Only two years ago three-quarters of consumers nominated desktops and laptop computers as the most important device they needed to connect to the internet.
Today those old clunkers can’t even scrape together a majority. Instead smartphones top the poll and with new devices coming online all the time, the age of the brick has passed forever.
The research by Ofcom Technology asked, “Which is the most important device you use to connect to the internet at home or elsewhere?”
Smartphones topped the list at 33 per cent of respondents, more than double the number two years ago. And that figure doesn’t include tablets which also grew strongly from eight per cent to 19 per cent.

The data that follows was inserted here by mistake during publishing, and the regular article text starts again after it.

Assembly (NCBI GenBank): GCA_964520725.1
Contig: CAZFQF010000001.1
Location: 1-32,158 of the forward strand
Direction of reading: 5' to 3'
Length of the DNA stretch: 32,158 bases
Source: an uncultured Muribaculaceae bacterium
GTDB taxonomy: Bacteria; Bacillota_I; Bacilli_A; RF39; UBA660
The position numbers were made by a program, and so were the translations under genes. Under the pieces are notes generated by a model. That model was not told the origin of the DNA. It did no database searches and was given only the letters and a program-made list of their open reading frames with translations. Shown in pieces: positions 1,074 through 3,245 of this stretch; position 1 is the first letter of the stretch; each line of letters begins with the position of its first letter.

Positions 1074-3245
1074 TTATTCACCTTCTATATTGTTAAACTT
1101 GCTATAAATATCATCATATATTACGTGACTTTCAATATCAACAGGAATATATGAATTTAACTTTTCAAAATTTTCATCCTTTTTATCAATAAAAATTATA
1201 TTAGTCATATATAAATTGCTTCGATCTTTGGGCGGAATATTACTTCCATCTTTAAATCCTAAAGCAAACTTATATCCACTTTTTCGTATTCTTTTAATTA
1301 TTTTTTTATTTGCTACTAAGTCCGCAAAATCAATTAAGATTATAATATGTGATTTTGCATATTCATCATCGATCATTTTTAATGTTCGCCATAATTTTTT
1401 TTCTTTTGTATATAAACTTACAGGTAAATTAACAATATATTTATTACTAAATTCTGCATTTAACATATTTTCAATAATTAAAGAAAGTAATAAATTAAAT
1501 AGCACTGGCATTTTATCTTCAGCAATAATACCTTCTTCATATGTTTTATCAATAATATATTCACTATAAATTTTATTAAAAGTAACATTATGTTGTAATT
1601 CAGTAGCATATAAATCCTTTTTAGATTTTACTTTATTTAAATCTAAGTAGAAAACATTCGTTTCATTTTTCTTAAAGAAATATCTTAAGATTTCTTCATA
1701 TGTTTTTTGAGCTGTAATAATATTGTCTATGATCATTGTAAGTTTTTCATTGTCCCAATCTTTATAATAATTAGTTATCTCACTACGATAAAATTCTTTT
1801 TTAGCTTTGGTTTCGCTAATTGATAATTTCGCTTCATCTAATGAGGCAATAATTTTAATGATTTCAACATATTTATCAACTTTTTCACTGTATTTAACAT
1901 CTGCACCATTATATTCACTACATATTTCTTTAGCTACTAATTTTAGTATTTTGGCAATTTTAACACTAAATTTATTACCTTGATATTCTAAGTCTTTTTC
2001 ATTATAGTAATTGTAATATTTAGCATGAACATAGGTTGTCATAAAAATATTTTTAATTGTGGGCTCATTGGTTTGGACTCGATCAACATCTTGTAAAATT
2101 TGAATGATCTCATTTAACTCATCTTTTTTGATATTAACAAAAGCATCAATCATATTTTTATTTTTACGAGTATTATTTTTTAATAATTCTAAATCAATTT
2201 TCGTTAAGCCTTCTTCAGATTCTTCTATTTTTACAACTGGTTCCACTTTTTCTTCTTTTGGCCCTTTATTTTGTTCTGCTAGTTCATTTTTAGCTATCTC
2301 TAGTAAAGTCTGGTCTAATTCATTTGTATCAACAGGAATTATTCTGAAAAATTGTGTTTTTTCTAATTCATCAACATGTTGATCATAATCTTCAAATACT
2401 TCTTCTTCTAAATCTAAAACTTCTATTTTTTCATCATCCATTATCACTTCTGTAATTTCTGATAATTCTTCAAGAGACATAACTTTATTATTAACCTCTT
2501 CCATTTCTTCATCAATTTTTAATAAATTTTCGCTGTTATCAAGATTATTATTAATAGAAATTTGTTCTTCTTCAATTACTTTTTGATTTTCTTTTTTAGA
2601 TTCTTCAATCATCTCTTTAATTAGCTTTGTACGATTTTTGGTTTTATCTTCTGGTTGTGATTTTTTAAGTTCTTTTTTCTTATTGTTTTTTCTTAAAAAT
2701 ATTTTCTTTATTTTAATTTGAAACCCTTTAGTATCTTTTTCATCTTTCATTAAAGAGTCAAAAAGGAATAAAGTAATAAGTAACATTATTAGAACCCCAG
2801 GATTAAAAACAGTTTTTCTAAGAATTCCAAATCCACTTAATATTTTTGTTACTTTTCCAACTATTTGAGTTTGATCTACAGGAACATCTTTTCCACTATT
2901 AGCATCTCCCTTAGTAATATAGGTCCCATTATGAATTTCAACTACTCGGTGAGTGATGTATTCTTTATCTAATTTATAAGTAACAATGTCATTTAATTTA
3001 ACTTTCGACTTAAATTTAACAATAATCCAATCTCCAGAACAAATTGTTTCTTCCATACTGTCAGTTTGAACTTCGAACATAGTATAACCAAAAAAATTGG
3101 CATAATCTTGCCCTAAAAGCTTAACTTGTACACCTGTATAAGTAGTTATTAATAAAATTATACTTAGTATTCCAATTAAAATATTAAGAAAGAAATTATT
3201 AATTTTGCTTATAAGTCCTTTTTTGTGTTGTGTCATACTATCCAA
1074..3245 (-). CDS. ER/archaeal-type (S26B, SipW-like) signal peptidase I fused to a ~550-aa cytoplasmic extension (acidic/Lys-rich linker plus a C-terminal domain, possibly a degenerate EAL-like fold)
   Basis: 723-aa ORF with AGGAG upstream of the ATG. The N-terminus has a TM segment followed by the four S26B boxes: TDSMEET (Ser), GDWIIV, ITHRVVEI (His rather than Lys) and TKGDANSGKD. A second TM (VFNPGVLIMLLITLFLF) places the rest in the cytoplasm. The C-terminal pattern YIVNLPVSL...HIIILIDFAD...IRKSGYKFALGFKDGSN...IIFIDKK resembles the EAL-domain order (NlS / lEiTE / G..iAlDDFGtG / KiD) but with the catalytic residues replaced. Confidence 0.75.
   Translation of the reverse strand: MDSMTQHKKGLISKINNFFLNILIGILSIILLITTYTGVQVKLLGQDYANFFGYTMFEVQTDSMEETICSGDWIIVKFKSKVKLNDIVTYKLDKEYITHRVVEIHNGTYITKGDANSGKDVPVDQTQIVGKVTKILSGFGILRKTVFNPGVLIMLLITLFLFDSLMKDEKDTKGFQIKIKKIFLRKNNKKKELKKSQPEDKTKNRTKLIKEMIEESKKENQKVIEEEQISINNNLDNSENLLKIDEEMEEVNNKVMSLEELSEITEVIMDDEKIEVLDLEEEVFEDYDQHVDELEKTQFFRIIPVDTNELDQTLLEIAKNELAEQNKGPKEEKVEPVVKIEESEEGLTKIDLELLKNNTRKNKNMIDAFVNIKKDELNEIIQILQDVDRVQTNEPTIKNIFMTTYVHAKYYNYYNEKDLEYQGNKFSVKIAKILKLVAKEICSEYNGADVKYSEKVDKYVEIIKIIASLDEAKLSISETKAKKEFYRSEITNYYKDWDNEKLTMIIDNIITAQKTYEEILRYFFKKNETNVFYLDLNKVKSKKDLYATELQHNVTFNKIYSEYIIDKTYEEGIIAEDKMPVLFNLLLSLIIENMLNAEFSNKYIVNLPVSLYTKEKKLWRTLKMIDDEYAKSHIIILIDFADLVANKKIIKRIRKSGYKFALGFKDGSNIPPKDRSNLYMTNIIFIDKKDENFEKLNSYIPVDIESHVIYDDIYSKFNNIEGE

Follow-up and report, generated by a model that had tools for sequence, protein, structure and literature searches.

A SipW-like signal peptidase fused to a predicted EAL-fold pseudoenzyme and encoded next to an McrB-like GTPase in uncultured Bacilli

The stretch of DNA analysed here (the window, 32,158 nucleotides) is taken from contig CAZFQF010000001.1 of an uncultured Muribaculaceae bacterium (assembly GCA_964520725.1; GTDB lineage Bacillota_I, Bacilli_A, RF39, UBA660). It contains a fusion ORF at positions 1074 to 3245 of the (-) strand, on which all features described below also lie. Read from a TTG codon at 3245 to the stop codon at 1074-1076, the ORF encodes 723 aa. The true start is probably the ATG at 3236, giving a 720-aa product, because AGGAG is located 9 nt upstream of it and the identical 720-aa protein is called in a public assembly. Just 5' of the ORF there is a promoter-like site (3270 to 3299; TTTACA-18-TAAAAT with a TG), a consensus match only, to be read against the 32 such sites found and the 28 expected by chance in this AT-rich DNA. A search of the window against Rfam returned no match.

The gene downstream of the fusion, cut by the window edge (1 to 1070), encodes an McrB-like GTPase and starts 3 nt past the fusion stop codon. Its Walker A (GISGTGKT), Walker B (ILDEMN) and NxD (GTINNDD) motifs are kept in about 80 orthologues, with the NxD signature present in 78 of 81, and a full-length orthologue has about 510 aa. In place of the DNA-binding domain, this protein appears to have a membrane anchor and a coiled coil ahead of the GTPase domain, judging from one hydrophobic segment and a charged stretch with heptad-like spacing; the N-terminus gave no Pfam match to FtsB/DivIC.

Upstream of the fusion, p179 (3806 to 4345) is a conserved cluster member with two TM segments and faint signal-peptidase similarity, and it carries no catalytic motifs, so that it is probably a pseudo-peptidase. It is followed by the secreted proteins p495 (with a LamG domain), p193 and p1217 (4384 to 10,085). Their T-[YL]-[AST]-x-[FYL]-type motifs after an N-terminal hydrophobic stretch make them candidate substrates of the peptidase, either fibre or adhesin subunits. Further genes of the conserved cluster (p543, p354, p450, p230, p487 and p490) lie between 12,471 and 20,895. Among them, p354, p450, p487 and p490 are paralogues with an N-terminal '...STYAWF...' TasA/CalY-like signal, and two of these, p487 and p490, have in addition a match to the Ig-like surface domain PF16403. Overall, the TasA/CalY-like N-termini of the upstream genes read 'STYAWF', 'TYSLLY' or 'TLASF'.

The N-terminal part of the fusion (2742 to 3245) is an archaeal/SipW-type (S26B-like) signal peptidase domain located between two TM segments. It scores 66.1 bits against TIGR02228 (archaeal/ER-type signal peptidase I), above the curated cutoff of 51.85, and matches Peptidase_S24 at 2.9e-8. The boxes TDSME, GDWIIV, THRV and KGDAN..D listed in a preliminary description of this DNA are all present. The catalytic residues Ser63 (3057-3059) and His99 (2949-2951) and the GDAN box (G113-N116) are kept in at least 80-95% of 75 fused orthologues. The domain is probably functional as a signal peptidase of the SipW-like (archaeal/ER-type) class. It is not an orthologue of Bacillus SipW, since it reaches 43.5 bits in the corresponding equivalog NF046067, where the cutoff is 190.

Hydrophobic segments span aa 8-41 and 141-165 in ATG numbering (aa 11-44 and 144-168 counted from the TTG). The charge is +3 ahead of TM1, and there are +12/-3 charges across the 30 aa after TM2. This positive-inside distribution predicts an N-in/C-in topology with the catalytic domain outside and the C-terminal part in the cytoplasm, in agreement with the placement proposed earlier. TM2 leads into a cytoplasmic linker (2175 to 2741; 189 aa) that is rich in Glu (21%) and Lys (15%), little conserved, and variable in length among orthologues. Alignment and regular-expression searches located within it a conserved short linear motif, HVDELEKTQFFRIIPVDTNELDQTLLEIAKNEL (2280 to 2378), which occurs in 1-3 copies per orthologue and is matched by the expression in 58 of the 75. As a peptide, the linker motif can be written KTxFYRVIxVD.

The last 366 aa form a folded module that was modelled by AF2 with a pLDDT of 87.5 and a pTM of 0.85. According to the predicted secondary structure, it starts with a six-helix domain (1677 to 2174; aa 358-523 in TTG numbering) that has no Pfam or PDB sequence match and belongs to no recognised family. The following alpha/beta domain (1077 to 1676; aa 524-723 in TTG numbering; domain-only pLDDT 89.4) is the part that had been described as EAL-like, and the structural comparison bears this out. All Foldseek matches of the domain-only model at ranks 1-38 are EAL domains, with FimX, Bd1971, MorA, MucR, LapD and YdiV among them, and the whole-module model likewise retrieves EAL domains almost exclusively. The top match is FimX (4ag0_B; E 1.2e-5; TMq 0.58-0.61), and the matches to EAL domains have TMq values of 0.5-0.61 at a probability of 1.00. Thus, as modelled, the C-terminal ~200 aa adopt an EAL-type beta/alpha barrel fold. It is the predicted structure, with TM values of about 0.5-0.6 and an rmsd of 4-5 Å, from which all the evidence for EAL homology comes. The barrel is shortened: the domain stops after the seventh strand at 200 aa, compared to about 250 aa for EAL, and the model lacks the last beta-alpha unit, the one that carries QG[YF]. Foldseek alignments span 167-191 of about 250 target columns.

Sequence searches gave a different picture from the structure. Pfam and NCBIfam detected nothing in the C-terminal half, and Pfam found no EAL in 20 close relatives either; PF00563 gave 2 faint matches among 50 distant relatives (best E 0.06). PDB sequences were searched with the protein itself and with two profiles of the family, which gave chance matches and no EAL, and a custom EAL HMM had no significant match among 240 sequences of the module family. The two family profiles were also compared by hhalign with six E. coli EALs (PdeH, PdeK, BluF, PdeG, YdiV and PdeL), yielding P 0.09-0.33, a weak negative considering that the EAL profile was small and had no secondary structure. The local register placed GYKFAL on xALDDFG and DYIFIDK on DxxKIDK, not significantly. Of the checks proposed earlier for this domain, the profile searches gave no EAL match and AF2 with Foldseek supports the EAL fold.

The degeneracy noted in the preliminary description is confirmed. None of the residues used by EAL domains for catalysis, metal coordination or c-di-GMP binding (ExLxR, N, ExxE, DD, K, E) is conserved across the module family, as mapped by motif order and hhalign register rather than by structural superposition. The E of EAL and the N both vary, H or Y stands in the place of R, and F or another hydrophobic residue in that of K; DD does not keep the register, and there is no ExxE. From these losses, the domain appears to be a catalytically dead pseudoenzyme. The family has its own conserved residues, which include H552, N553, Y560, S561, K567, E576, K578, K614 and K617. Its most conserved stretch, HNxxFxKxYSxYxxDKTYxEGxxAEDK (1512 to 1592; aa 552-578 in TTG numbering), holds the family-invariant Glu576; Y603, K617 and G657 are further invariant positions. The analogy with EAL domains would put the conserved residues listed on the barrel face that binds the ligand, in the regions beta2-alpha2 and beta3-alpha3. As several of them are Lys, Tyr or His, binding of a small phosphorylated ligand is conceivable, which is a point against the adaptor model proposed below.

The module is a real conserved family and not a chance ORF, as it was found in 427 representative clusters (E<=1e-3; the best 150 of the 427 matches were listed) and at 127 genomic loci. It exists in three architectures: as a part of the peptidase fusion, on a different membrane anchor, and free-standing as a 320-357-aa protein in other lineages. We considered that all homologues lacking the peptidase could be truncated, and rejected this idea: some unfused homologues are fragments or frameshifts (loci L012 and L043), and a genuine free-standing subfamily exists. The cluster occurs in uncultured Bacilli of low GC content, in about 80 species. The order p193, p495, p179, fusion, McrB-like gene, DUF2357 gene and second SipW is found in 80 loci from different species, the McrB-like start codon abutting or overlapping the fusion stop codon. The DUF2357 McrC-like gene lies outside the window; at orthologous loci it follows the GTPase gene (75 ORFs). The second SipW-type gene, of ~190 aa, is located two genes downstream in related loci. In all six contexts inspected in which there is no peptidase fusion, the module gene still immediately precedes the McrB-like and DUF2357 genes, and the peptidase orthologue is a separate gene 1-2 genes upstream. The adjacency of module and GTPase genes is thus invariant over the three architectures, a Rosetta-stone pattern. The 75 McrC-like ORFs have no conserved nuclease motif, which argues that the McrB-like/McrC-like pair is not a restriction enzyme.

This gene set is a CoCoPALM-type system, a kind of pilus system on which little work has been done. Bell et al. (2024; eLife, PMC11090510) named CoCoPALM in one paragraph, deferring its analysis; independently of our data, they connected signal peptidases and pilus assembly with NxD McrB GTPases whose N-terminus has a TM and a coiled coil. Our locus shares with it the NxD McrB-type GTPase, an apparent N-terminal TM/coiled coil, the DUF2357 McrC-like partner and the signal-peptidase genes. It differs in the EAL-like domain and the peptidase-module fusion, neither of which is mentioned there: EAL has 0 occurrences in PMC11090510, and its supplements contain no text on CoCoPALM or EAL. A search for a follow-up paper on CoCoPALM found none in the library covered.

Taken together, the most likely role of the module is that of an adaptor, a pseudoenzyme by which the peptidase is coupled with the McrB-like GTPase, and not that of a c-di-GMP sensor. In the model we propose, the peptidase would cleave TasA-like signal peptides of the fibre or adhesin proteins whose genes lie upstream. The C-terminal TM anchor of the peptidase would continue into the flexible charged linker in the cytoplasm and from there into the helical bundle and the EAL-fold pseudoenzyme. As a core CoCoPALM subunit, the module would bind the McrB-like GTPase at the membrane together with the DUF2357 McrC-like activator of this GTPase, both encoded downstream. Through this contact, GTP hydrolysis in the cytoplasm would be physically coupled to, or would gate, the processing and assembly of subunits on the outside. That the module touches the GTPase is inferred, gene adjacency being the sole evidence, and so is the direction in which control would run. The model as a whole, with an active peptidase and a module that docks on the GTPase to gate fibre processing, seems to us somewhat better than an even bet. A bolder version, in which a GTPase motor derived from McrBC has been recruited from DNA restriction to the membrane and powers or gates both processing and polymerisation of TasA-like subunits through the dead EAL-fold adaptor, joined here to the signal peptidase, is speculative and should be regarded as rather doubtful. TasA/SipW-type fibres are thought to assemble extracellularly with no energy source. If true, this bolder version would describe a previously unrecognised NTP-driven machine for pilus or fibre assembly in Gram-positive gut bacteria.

As blogger daringfireball (from where we sourced the reference noted) said, “Assuming the polling is valid, this suggests we’ve already passed the inflection point where most people consider their mobile devices (phone and tablet) central to their use of the internet.”
The change brought by mobility is only likely to accelerate as not only are the devices becoming more central to an individual consumers experience of the world but there is still a huge untapped population of global users anchored to older feature phones (or who have no phones at all).
There is also an interesting goat in the snake of the Ofcom research.
Asked what device they would most miss, the younger generation skews very heavily to mobility, while TV gets stronger the older the cohort. If you think the PC guys are doing it tough, the chart above is very, very bad news for the television media industry.